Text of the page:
Coronavirus forces Met Gala postponement, L.A. Fashion Week cancellations
The COVID-19 pandemic — and the CDC’s recent recommendation that gatherings of 50 or more people be postponed for at least eight weeks — has resulted in the postponement of the Met Gala, scheduled to take place in New York on May 4, as well as the cancellation of several Los Angeles Fashion Week events that had been expected to take place across Southern California this month and next.
The Met Gala, always a big night for the fashion industry’s heavy hitters (this year’s accompanying exhibition, “About Time: Fashion and Duration,” is sponsored by Louis Vuitton), has traditionally showcased some of the most intriguing celebrity styles of the year, including Zendaya in full Cinderella regalia (in 2019) and Rihanna in full papal regalia (in 2018).
“The museum will remain closed through Saturday, April 4,” a Metropolitan Museum of Art spokesperson told The Times in an email. “Additionally, the CDC advised over the weekend that there should not be any gatherings of 50 people or more for the next eight weeks. In deference to this guidance, all programs and events through May 15 will be canceled or postponed.” No new date has been set for the gala.
Closer to home, the list of fashion events impacted by efforts to limit the spread of the virus include a runway show by L.A.-based designer Heidi Merrick, who had planned to follow last season’s Ventura County field frolic with one March 14 on the same plot of land some 64 miles north of Los Angeles. (She notified invitees on March 13 that the event was off.)
“Out of caution, and following the advice of public health officials, we have decided to postpone Heidi’s Autumn/Winter 2020 fashion show scheduled for tomorrow, March 14,” the email read in part. “We had been looking forward to celebrating with all of you and intend to reschedule when it’s safe to do so.”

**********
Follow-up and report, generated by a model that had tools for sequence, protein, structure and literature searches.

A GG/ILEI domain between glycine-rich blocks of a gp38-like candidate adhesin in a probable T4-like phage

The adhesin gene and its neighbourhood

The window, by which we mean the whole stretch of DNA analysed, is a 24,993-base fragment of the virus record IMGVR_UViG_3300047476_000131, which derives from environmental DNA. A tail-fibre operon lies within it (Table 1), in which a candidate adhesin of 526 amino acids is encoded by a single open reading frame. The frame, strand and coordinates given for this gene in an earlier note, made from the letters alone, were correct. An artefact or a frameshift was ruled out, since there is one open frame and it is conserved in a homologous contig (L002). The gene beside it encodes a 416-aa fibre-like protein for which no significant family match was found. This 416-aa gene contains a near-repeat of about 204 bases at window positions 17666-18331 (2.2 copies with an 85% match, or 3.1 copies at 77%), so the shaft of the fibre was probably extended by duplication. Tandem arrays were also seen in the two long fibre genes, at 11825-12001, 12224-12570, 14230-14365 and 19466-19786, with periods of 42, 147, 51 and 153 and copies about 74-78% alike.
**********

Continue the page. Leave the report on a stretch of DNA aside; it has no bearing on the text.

A few hours later came word that L.A. Fashion Week, which had been planning a three-day slate of runway shows and events toward the end of the month at the Petersen Automotive Museum, also was pulling the plug.
“Due to the rapid spread of the COVID-19 ... the current season of events happening March 27-29 will be postponed until further notice,” wrote the LAFW media team in an email. “The safety and health of our community, staff, designers and attendees take priority before anything else.”
The other major player on the Los Angeles fashion week scene, Art Hearts Fashion (which just last season received a certificate of recognition from the office of L.A. City Councilman José Huizar for its “contribution to the cultural diversity and economic contribution to the city of Los Angeles”), issued a similar statement officially canceling its run of events scheduled for the Majestic Downtown March 26-28.
“Due to heightened circumstances and health concerns, at this time we have decided to postpone Los Angeles Fashion Week,” Art Hearts Fashion International President Erik Rosete said in an email. “The health and safety of our employees, guests and participants are a top priority, and we do not want to put anyone at risk at such a sensitive time. We are closely monitoring the frequently evolving COVID-19 on both local and state health departments to ensure we are taking the correct precautions. We are saddened that we have to postpone all Los Angeles Fashion Week events at this time, but we are watching current circumstances unfold as we prepare the new dates.”
Vegan Fashion Week, which had originally planned to host two days of designer showrooms in early April capped off with a multibrand runway show the evening of April 4, still plans to highlight its participating labels, said organizer Emmanuelle Rienda, although in a slightly different format than she originally envisioned.
“Right now many of the designers can’t be here because of the [travel] ban,” Rienda told The Times Monday, “and I don’t want to organize any [physical] gathering whatsoever because of the CDC recommendations.” The workaround? “We’re going to create a fashion show behind closed doors that we will stream online,” she said. “And we’ll be having one-on-one videos where people can express their vision about what’s going on and [share] a message of hope about how we can grow from this.”
One thing Rienda is absolutely sure about, though, is that she isn’t canceling her event entirely. She said that focusing on animal-free alternatives is more important than ever. “We really need to discuss all of these viruses,” Rienda said. “They’re all due to animal exploitation. This time it’s Wuhan, China, and the pangolins, but we’ve had H1N1, the swine flu, Ebola — all of these are due to animal exploitation. So I think the message is an important one. The public event might be canceled, but the message cannot be.”
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